Eight indicted in securities-fraud scheme
A Seattle grand jury has indicted eight people in Washington, Florida and Utah after an investigation into an alleged "pump and dump" securities-fraud...
Seattle Times staff reporter
A Seattle grand jury has indicted eight people in Washington, Florida and Utah after an investigation into an alleged "pump and dump" securities-fraud scheme that involved buying a public company, falsely inflating its worth and then dumping the stock through brokerages in the U.S and Canada, and the Turk and Caicos Islands.
Arrested this morning in Bellevue by federal agents were 63-year-old Beverlee Kamerling and her son, Nicholas Alexander, 22. Alexander, who served as an officer or executive in the companies, is accused of shredding documents in Boca Raton, Fla., and attempting to confound the FBI's investigation by using throwaway telephones after he learned of the investigation, according to the U.S. Attorney's Office.
Kamerling and Alexander are expected to appear before a magistrate this afternoon.
Kamerling's alleged role in the scheme came out last week when Tolan Furusho, a Bellevue attorney and former registered agent for at least one of the companies, pleaded guilty to conspiracy and tax-evasion charges. Furusho is cooperating with the investigation and told the court that he helped Kamerling sell unregistered stock in the American Asia Energy Corp., which is headquartered in Salt Lake City.
According to the 21-count indictment, Kamerling was barred in 1999 from serving as an officer or director of a public company and, in 2000, was ordered by the court to repay $1.5 million to investors in another stock-fraud scheme. The charges allege she got around the ban by installing her son, mother and boyfriend as officers in several companies. The alleged frauds involved those Washington corporations — Detex Security Systems, Coattec Industries, America Asia and Global Gaming Network.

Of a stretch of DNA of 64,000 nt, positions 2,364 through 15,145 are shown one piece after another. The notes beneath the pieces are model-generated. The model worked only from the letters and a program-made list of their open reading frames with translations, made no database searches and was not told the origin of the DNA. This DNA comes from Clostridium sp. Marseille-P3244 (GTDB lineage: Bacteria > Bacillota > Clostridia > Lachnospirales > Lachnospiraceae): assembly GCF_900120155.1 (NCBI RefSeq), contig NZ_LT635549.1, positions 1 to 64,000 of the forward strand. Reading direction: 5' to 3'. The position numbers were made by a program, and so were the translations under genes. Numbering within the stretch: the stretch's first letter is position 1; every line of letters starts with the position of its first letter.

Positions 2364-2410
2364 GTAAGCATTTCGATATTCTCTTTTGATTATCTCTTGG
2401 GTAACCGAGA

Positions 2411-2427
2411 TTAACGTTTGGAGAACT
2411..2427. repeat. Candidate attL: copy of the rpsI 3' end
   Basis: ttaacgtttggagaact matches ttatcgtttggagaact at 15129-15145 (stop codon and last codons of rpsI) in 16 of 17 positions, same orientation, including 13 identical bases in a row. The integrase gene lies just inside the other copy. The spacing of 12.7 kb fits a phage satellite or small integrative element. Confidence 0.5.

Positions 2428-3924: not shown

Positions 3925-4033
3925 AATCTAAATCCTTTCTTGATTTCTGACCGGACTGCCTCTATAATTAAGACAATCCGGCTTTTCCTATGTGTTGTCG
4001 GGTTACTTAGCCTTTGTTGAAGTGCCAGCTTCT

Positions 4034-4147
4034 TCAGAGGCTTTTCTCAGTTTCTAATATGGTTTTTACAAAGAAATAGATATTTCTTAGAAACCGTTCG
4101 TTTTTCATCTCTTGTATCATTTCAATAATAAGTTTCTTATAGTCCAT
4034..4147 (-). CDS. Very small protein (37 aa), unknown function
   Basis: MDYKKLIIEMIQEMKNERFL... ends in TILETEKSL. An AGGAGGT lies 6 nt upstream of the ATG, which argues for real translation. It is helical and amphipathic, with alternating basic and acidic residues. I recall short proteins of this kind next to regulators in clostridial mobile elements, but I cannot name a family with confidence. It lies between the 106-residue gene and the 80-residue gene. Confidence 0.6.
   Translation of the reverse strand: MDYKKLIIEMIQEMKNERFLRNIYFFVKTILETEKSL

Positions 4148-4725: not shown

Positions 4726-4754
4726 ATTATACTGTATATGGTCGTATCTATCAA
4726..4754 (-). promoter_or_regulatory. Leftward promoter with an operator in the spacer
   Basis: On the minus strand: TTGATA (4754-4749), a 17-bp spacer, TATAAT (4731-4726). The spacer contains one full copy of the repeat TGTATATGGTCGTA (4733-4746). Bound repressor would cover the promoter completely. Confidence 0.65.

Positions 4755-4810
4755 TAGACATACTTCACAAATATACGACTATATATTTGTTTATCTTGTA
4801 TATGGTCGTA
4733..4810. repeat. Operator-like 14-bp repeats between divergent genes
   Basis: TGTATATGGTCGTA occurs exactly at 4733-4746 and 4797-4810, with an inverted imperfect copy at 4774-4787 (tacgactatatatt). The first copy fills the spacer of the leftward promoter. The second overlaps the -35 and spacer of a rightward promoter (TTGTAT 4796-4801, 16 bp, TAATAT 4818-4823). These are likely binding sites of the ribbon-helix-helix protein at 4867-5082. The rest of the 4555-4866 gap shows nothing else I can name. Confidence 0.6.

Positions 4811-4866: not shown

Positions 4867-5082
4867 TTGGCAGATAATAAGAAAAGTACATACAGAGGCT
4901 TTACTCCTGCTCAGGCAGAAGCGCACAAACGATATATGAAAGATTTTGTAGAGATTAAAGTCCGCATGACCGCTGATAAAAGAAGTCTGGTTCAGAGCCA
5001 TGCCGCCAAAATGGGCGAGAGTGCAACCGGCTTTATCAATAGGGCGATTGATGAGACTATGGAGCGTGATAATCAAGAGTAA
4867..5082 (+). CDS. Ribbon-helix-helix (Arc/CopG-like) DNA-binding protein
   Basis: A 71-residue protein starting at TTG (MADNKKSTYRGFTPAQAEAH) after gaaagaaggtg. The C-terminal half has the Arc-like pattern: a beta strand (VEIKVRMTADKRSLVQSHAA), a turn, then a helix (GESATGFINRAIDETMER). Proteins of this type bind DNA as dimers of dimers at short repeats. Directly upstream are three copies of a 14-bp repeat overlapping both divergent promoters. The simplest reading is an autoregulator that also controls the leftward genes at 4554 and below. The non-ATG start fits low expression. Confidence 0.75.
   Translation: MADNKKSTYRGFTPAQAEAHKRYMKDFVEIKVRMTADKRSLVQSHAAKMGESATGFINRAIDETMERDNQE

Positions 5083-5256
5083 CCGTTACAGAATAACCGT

Prosecutors are seeking forfeiture of about $1.2 million illegally obtained through the scheme. Prosecutors also allege that Kamerling failed to pay taxes on nearly $850,000 in 2004 and 2005. Some of that money was derived from the securities scheme, according to Assistant U.S. Attorney Jim Lord.
The eight are charged with a variety of crimes, including conspiracy, mail fraud, securities fraud and international money laundering.
Kamerling; Alexander; Joel Ramsden, 32, of Delray Beach, Fla.; John Johansen, 37, of Plantation, Fla.; and John Worthen, 66, of Salt Lake City are charged with conspiracy to obstruct justice and making false statements. Donald Goldstein, 65, of Highland Beach, Fla.; his son, 35-year-old Jamie Goldstein, of Boca Raton., Fla.; and Seth Quinto, 36, of Miami, are charged with conspiracy to commit perjury for lying to the grand jury.
Securities fraud and mail fraud carry maximum penalties of up to 20 years in federal prison and fines of up to $250,000.
Mike Carter: 206-464-3706 or firstname.lastname@example.org
Copyright © 2007 The Seattle Times Company
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